In this work, low temperature selective solder (Pb37/Sn63) bonding of silicon chips or wafers for MEMS applications using a continuous wave (CW) carbon dioxide (CO2) laser at a wavelength of 10.6μm was examined. The low reflectivity, fair transmittance, and high absorptivity of silicon at the 10.6μm wavelength led to selective heating of the silicon and reflow of an electroplated or screen printed intermediate solder layer which produced silicon-solder-silicon joints. Finite element simulations were carried out to optimize the process parameters in order to achieve uniform heating and minimum induced thermal stress. The bonding process was performed on the fixtures in a vacuum chamber at an air pressure of one milliTorr to achieve fluxless soldering and vacuum encapsulation of silicon dies. The bonding temperature at the sealing ring was close to the reflow temperature of the eutectic lead tin solder, 183°C. Pull test results showed that the joint was sufficiently strong and could not be separated before the silicon die broke. Helium leak testing showed that the leak rate of the package was below 10−8 atm · cc/sec under optimized bonding conditions. The results of the Design of Experiment (DOE) method indicated that both laser incident power and scribe velocity significantly influenced bonding results. This novel method is especially suitable for vacuum bonding wafers containing MEMS and other micro devices with low temperature budgets where managing stress distribution is important. Further, sealed encapsulated and released wafers can be diced without damaging the MEMS devices at wafer scale.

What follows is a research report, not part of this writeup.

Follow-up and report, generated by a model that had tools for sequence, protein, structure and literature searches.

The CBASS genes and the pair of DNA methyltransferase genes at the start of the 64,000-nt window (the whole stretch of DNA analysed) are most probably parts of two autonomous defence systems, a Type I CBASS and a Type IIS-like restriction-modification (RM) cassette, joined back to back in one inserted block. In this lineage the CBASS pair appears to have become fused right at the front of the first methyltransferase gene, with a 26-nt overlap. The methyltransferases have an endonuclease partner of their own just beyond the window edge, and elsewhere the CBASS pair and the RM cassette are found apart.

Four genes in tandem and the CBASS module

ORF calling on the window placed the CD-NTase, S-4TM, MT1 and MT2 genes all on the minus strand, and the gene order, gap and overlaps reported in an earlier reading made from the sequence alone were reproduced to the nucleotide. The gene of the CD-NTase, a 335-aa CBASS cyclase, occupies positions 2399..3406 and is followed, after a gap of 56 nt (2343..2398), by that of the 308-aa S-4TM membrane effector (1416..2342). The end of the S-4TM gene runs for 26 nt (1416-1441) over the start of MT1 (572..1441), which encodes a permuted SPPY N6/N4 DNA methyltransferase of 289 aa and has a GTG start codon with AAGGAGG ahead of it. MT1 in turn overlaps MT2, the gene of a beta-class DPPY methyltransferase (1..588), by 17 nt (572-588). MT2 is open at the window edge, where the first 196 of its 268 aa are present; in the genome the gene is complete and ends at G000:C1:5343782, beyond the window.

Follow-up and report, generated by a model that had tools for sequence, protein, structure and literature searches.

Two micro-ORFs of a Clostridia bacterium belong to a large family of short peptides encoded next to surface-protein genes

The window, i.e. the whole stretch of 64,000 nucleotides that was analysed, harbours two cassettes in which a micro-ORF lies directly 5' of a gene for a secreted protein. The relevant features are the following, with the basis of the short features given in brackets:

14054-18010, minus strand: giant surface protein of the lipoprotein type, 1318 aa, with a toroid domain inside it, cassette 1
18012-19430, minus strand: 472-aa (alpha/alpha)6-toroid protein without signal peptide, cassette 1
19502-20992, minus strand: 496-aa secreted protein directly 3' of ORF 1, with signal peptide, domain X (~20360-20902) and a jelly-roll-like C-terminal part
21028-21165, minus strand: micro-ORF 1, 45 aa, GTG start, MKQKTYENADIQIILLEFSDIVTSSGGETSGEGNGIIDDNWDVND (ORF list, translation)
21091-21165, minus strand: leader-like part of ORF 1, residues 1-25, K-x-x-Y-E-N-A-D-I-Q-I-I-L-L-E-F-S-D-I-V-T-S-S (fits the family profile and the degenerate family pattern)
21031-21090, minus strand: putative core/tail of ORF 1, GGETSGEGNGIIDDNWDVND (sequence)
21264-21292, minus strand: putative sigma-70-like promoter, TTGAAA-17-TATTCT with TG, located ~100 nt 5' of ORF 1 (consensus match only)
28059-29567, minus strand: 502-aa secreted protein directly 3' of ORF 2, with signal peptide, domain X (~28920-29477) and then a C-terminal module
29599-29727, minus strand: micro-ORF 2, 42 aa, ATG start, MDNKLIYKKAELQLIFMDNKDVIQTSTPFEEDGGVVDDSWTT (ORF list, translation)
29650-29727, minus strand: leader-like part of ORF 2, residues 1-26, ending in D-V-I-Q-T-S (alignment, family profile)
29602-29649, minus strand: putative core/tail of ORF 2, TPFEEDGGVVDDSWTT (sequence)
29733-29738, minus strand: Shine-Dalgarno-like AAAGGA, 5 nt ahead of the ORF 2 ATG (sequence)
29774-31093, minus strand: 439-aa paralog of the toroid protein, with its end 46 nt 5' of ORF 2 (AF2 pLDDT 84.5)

This content is only available via PDF.
You do not currently have access to this content.